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Slatina Monastery

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Year Built: 1554-61
Built by: Prince Alexandru Lăpuşneanu
Location: Slatina, Suceava County
Summary: The Church of the Transfiguration is placed in the centre of the compound. It was modelled on the church of the Probota Monastery, but with increased dimensions, so that it was the biggest church in Moldavia until the end of the 18th century.

Monasteries Map - Slatina



The Slatina Monastery seen from the southwest.

The church nestles between three hills, about 30 km northwest of Fălticeni, in the middle of peaceful countryside. The chronicler Eftimie writes that in 1554 prince Alexandru Lăpuşneanu “left Suceava for River Suha, in order to investigate and find a place for the monastery. (…) The Prince saw the place and was very glad and liked it very much and paid homage to God and gave name to the Monastery of Slatina and appointed the first superior, Iacob, also named Molodeţ”.   




The Church of the Transfiguration follows the shape of the earlier Moldavian churches, but is simpler: there are no round apses on the north and south façades.

Few years after the death of Alexandru Lăpuşneanu, the monastery was again pillaged. The church was again repaired, and the superior Nil placed on behalf of Lăpuşneanu a posthumous commemorative inscription above the entrance of the edifice. As models were used the inscriptions of Probota and Putna Monasteries. The inscription says: “With the Father’s will, the Son’s help and the Holy Spirit’s blessing, I, the slave of God, the deceased believer Prince Alexandru with my wife Princess Ruxandra and children given by God: Bogdan, Ioan, Petru and Constantin, started building this edifice dedicated to the Transfiguration of Our Lord, in the year 7069 (1561)”.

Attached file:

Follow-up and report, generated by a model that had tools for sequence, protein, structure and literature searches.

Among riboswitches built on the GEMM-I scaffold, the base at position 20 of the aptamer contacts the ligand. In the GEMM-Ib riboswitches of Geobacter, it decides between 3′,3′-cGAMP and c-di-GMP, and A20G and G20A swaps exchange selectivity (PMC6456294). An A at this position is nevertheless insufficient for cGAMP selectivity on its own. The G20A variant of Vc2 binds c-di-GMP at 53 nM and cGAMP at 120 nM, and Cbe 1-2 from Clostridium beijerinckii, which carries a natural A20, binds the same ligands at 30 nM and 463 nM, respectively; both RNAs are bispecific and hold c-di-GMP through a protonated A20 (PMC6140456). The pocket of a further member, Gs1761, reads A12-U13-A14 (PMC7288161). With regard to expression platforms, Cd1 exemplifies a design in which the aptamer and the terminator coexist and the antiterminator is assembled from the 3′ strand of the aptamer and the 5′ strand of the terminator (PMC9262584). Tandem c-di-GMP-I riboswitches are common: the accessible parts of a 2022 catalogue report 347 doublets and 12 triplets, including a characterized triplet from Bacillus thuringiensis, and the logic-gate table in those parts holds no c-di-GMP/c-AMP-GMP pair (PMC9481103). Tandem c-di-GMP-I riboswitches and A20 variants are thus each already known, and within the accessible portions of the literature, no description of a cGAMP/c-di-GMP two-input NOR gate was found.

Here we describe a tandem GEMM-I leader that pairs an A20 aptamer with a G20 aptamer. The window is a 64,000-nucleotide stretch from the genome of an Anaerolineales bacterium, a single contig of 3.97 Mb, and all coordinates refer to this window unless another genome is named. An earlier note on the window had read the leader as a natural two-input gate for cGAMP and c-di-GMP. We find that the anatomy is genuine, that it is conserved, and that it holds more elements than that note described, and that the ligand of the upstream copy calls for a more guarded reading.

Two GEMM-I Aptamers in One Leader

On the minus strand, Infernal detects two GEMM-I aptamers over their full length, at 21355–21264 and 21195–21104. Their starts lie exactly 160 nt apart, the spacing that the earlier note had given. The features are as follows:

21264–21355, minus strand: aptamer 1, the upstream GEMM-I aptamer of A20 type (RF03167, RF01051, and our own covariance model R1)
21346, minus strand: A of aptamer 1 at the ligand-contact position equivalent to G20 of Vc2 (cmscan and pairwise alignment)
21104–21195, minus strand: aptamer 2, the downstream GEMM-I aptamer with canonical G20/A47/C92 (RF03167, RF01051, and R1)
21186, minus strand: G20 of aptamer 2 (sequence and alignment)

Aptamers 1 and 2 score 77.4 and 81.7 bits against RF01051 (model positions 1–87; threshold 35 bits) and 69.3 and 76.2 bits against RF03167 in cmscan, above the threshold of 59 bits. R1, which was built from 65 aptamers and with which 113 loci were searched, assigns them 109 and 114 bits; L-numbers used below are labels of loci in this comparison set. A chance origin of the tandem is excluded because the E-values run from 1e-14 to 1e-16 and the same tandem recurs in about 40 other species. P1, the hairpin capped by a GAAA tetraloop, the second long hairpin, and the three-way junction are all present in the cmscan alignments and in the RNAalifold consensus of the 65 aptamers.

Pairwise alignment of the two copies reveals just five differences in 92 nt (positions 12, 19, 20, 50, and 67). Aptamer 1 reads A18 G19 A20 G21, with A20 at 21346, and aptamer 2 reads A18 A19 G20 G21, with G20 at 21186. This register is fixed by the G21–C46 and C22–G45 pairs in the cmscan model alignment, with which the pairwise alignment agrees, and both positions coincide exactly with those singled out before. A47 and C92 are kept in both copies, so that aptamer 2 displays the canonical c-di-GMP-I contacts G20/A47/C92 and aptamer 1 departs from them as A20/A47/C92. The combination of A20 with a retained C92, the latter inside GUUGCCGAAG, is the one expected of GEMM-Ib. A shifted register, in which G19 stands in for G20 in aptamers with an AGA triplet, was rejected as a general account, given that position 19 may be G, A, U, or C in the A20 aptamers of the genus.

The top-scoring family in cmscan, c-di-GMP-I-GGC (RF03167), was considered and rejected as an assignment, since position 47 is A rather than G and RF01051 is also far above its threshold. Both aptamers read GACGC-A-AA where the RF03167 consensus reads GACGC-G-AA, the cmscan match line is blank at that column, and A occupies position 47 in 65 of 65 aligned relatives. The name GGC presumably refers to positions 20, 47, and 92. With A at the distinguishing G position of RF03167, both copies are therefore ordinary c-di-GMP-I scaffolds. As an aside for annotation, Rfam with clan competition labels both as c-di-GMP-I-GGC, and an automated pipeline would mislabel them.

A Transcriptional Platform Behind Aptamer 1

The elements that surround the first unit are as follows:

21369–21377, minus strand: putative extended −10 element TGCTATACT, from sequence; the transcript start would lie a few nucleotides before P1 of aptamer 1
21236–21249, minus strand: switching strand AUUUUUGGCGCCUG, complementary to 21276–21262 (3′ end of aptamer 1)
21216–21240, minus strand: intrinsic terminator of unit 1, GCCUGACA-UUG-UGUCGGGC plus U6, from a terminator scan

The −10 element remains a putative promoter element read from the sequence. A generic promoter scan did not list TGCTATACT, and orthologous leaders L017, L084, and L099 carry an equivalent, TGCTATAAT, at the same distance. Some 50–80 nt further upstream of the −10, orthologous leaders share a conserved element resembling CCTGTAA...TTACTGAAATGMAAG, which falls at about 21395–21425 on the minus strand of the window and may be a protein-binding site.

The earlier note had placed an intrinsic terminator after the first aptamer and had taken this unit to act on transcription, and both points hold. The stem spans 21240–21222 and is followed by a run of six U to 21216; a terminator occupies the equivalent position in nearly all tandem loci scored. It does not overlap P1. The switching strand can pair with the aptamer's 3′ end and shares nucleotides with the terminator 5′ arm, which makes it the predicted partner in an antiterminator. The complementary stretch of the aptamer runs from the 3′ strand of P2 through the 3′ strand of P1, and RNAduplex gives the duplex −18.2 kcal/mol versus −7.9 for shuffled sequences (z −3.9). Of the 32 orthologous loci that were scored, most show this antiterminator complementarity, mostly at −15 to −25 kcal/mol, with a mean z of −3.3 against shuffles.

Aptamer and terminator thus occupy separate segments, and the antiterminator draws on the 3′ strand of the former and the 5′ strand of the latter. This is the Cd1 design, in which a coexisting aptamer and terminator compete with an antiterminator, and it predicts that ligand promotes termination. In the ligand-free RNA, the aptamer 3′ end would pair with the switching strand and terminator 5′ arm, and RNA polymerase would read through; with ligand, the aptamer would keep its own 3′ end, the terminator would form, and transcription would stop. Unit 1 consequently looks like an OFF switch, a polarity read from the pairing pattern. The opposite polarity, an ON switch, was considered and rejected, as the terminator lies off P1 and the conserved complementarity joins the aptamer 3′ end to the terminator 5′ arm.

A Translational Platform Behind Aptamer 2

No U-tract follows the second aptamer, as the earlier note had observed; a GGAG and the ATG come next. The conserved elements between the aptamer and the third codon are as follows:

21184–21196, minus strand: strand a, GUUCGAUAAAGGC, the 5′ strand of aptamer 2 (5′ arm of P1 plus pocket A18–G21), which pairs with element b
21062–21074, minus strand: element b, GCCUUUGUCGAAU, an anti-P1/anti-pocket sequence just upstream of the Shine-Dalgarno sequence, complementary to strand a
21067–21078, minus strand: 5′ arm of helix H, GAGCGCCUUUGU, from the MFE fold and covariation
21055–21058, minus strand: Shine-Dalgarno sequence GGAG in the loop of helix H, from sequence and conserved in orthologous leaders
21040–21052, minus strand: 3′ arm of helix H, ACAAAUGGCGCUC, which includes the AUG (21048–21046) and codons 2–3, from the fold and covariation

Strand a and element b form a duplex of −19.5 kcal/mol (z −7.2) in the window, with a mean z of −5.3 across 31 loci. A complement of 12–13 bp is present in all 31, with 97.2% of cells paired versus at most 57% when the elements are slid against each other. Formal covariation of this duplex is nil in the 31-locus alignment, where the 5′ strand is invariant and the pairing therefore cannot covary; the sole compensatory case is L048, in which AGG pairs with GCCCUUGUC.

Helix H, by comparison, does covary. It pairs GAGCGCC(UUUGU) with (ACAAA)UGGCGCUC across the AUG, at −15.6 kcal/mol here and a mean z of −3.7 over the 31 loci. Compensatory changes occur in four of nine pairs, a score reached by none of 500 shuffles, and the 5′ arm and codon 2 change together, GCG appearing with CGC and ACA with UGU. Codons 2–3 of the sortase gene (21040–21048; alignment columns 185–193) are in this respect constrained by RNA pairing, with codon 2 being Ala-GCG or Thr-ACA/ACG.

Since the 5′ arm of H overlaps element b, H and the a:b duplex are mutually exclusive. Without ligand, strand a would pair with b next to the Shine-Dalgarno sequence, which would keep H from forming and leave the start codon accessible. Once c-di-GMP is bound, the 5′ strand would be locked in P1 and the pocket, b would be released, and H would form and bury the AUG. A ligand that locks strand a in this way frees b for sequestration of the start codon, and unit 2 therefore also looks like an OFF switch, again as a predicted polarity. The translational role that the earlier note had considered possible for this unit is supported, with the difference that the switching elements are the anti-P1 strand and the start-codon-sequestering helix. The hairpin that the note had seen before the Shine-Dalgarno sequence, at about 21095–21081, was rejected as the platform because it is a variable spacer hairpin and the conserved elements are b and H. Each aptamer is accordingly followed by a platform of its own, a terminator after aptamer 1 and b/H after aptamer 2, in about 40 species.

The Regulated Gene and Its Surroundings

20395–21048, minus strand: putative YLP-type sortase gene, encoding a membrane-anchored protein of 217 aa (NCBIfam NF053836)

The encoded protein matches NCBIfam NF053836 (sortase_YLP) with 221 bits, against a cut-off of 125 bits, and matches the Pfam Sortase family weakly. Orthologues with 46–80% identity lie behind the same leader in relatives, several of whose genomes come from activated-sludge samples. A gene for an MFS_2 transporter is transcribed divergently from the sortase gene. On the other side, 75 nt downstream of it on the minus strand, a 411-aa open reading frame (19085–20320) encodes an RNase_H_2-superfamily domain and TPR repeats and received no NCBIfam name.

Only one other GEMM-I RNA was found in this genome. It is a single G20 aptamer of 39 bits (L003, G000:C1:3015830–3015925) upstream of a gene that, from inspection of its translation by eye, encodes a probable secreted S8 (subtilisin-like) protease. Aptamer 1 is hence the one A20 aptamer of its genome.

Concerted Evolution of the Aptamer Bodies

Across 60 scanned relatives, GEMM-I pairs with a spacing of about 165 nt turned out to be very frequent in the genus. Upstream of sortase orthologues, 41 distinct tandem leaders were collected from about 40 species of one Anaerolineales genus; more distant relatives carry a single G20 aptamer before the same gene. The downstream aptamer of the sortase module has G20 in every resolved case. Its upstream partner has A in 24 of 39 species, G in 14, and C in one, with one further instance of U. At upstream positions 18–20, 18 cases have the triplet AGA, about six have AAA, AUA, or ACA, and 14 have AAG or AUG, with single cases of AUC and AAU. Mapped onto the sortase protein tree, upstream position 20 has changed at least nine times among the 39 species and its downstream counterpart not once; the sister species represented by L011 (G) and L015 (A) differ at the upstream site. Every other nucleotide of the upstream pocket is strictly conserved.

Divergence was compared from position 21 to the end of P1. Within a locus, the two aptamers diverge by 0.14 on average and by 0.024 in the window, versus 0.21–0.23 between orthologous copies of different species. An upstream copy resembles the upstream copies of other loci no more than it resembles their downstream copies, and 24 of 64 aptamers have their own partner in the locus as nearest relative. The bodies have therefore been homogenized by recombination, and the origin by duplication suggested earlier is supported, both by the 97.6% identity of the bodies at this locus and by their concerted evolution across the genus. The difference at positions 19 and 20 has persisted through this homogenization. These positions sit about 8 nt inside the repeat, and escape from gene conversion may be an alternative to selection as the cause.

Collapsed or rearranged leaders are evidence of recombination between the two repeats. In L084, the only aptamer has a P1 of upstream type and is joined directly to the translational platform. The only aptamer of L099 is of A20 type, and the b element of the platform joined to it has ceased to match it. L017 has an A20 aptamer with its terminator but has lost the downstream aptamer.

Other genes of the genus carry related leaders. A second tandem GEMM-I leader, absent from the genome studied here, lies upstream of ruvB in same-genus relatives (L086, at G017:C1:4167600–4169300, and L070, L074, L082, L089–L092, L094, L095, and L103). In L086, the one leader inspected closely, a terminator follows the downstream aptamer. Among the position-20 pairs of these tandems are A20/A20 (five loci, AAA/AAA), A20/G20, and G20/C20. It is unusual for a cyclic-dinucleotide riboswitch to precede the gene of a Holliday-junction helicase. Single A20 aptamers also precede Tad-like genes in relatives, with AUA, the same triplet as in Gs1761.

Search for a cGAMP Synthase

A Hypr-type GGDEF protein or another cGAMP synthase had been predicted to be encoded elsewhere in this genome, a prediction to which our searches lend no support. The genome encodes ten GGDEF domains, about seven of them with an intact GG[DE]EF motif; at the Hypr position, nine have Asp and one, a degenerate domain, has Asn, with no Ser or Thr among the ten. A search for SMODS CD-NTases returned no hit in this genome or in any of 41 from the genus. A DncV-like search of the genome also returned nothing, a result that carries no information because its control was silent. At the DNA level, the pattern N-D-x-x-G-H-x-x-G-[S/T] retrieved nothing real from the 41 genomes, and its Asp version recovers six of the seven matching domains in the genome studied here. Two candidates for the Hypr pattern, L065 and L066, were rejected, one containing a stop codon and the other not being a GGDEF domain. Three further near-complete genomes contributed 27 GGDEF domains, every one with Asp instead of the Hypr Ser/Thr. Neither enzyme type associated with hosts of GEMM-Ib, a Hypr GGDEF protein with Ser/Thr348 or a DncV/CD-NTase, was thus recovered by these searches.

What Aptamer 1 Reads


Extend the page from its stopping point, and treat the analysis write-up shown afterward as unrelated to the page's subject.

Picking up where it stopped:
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The refectory and nuns' cells in the south wall building.

The monastic compound is irregular, for the line of the east wall is broken by the gate tower, which was built in 1834. Above its vaulted entranceway is a chapel dedicated to Sts. Nicholas and Spiridon painted in Byzantine style. A catwalk on the south wall tells that the high walls were built to defend the monastery from marauders. In each corner of the compound is a massive tower, the northwest tower being much higher than the others. This is the bell tower, where the two big bells cast in 1830 are kept.




The iconostasis forms a very unusual three-sided apse-like wall between the naos and the chancel.

Originally the church had five rooms, chancel, naos, burial chamber, pronaos and exonarthex, but the burial chamber was demolished in 1828. Unlike Probota, the apses of the church are not visible outside, but they are carved out of the width of the wall. There are nine buttresses, two on the west façade, three on the north and south façades and one on the east apse, but they seem more decorative than functional. The façades are rendered and limewashed, decorated with niches.
Embedded in the south façade of the church is the tomb of the superior Nil, who placed the commemorative inscription on the church wall. To the west, on the plinth of the exonarthex, there is a tombstone of an unknown monk.
The entrance to the church is through two doors, one on the south façade and the other one on the north one.






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Romanian Monasteries